A tiger closely associated with Vladimir Putin has crossed into China, sparking fears of an international incident if something terrible happens on the other side of the border:
Virile, canny and possessed with a boundless appetite for red meat, Kuzya, a 23-month-old Siberian tiger, would seem the perfect mascot for President Vladimir V. Putin of Russia, who had a personal hand in reintroducing Kuzya to the wild in the Russian Far East in May.
It turns out that Kuzya, like Mr. Putin, has territorial ambitions, which this week drew him across the frigid Amur River that separates Russia and China. His arrival set off a diplomatic incident of sorts when it became clear that “President Putin’s tiger,” as one Russian newspaper put it, was facing possible peril on the Chinese side of the border.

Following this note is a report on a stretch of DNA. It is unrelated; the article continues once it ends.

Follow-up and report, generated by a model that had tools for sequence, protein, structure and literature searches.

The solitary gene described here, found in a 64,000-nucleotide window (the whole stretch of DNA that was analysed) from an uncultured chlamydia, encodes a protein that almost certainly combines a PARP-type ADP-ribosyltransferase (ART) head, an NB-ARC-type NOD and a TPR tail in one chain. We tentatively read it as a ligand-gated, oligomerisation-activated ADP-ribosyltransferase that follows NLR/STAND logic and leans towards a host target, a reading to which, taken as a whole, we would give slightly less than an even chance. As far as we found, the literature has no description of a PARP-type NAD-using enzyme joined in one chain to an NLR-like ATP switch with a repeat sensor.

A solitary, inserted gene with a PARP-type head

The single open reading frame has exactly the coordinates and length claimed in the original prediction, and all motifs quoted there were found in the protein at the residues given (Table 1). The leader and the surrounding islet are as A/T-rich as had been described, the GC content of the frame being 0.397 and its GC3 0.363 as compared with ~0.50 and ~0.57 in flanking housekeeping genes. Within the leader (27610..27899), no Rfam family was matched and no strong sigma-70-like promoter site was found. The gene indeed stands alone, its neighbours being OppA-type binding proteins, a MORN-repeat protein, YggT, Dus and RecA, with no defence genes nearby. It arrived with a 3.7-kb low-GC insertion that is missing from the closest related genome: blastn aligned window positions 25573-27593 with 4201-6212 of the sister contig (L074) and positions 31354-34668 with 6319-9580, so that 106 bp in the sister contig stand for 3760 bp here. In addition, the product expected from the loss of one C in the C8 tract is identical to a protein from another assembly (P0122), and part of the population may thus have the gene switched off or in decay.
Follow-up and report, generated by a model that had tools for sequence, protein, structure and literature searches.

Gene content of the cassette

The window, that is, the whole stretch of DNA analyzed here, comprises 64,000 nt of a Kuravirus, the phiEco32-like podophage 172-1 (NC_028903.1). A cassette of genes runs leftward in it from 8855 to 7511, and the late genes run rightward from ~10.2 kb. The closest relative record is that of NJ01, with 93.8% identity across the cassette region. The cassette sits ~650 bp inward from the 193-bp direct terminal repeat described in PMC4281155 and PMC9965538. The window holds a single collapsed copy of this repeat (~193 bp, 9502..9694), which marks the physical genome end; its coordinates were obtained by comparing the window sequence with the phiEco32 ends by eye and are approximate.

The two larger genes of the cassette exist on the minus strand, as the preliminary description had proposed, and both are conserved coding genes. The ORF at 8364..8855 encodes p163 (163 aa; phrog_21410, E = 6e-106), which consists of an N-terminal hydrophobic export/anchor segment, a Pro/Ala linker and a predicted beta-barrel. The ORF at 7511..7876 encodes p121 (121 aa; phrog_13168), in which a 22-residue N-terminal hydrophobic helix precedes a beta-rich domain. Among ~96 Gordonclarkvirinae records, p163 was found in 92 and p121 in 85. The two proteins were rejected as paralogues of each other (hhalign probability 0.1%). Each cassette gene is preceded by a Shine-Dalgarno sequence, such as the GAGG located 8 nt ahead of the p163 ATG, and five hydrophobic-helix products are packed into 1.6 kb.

On Friday, wildlife officials in China’s far northeast were scrambling to ascertain Kuzya’s whereabouts after his Russian minders, tracking him by radio transmitter, expressed concern that he could end up in the hands of poachers — not an unlikely outcome given the steep price a rare Siberian tiger can fetch on the Chinese black market.
At $10,000 a carcass, the incentive for poachers is hard to resist.
One final must-quote line from the New York Times:
The tiger recovery effort has been one of Mr. Putin’s pet projects.